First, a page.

At last, my arm is complete again!
If you know that bit of dialogue, you know that Actor’s Express’ 28th season includes Stephen Sondheim’s deliciously macabre musical, Sweeney Todd, with Kevin Harry (Murder Ballad, Aurora Theatre’s Les Miserables) as the Demon Barber of Fleet Street. The season also features three world premieres, one set in 1979 during the Atlanta Child Murders, and two by Los Angeles-based writer, and former Atlantan, Steve Yockey.
In addition to its six-show regular season, the Express will introduce Threshold, a weeklong playwriting festival in December (with this year’s focus on local playwrights), and singer Libby Whittemore will return for three cabaret engagements. If you haven’t visited the West Midtown company recently, you might want to check back in. Artistic director Freddie Ashley & Co. are putting together seasons that are original, daring and different with purpose (this season’s Murder Ballad, the upcoming The Whale and the current Marcus; the Secret of Sweet, for example) and as good as almost anything onstage in Atlanta.
After that endorsement, the details:
STUPID F*CKING BIRD. Sept. 12-Oct. 11. The Atlanta premiere of Aaron Posner’s irreverent sort-of-adaptation of Chekhov’s The Seagull, in which a passionate young director, a famous novelist, a beautiful young actress and an aging Hollywood star discover the joys and disappointments of life and love. Posner is the playwright behind My Name Is Asher Lev, produced at Theatrical Outfit in 2012. Express artistic director Freddie Ashley directs.
THE THRUSH AND THE WOODPECKER. Oct. 31-Nov. 15. World premiere (in rotating repertory with Blackberry Winter). Danger and destruction detonate, Steve Yockey-style, in this revenge thriller featuring a mother with secrets, her college-age son and a visitor from her past. The cast is led by Express favorite Kathleen Wattis (Yockey’s Pluto). Melissa Foulger, who has teamed with Yockey on AE stagings of Pluto and Wolves, directs.
BLACKBERRY WINTER. Nov. 7-22. A second world premiere from Yockey (in rotating repertory with The Thrush and the Woodpecker). Produced with the help of the National New Play Network in a co-production with Out of Hand Theater. Atlanta actor Carolyn Cook (Theatrical Outfit’s recent Silent Sky) headlines this drama about an adult daughter caring for her mother, who has Alzheimer’s disease. Adam Fristoe, Out of Hand’s co-artistic director, directs.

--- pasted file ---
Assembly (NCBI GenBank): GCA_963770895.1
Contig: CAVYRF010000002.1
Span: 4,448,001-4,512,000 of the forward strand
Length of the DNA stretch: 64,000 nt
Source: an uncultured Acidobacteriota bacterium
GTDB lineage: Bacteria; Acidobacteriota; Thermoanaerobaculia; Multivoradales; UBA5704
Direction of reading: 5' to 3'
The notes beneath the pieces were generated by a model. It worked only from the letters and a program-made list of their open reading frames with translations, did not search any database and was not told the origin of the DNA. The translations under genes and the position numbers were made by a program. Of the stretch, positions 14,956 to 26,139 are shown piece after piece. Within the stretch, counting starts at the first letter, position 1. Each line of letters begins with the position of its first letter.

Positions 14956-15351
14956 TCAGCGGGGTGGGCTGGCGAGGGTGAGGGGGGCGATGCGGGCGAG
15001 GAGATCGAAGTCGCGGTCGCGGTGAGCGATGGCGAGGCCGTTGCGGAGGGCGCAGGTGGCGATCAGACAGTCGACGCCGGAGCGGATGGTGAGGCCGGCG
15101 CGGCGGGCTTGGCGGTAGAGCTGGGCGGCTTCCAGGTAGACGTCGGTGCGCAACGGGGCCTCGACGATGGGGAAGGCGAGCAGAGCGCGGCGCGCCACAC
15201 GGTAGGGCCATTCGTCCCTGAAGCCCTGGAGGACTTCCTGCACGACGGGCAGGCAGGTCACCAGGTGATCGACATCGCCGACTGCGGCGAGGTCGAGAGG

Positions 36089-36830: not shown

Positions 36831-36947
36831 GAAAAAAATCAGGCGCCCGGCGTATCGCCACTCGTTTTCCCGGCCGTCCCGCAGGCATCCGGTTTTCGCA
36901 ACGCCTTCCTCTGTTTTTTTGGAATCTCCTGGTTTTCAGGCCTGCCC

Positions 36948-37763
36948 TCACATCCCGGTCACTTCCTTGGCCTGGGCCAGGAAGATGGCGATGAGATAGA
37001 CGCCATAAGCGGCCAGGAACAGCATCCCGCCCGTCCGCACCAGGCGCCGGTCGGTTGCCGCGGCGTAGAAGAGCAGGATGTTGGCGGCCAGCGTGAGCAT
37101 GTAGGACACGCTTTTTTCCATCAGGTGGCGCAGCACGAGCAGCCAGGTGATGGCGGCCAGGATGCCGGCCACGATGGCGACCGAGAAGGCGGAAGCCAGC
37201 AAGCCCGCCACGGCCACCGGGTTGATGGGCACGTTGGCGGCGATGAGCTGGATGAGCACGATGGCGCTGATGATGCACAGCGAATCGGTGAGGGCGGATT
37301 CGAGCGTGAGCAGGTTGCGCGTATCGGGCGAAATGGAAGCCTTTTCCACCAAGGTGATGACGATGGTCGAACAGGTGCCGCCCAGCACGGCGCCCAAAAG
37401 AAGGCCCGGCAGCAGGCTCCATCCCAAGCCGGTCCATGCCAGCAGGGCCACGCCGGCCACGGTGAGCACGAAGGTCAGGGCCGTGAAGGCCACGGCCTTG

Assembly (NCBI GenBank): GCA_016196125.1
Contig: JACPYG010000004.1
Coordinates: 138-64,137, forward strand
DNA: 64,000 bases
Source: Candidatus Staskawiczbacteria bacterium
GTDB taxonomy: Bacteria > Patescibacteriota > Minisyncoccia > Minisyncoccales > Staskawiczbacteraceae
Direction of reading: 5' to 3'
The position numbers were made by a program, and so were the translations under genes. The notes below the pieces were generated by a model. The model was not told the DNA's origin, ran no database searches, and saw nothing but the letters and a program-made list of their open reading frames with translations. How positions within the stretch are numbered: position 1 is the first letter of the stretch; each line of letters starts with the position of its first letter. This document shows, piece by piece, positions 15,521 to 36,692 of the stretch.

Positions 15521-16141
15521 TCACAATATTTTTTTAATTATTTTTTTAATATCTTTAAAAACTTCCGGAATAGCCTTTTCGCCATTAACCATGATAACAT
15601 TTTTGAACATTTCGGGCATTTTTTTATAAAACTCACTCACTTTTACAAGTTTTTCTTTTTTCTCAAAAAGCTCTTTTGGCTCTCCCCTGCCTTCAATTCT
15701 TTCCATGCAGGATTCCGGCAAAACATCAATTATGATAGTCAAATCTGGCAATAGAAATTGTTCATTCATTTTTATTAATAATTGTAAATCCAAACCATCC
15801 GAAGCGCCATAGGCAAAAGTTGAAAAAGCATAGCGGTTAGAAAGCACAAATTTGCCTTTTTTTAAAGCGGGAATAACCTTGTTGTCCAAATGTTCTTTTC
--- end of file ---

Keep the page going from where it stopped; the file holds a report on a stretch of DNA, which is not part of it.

SWEENEY TODD: THE DEMON BARBER OF FLEET STREET. Jan. 23-Feb. 28. Winner of eight 1979 Tony awards, including best musical and best score for the singular Sondheim. In this dark and timeless tale, a wronged barber (Harry) escapes prison and returns to his native London to exact revenge on the corrupt judge who imprisoned him and stole his wife and child. When the lonely Mrs. Lovett joins his cause, lust, murder and revenge are all cooked into her savory meat pies. A little priest, anyone? Ashley directs.
SERIAL BLACK FACE. April 2-24, 2016. A world premiere from Janine Nabers, whose script won the 2014 Yale Drama Series, besting more than 1,600 entries from 41 countries. The story: Atlanta, 1979, a city in which 23 children are missing. A single mother copes with the disappearance of her young son while trying to give her teenage daughter a fresh start. A potential new love complicates everything. Ashley directs.
New York-based Nabers was born in Houston and raised in Louisiana. Playwright Marsha Norman (‘night, Mother), who judged the Yale competition, called her “an extraordinary writer – powerful and funny and brave. This work is unsettling to read,” Norman said, “but even as you read it, you know it is true. The crackling dialogue and the unswerving honesty are beautiful to experience.”
SIGNIFICANT OTHER. May 21-June 19, 2016. An Atlanta premiere by Joshua Harmon (AE’s recent Bad Jews). A gay romantic comedy in which one man looks for Mr. Right as he watches all of his closest girlfriends find mates of their own.
Subscription packages are now on sale – at ridiculously reasonable prices – $210 for six opening nights, $168 for any performance except opening night or $132 for shows on Wednesday, Thursday or Friday. To purchase or get more details, go HERE or call 404.607.7469 from 1 to 4 p.m. Tuesday-Saturday.
Actor’s Express is on Atlanta’s West Side, in the King Plow Arts Center at 887 W. Marietta St. If you haven’t checked it out before, this season gives you good reason.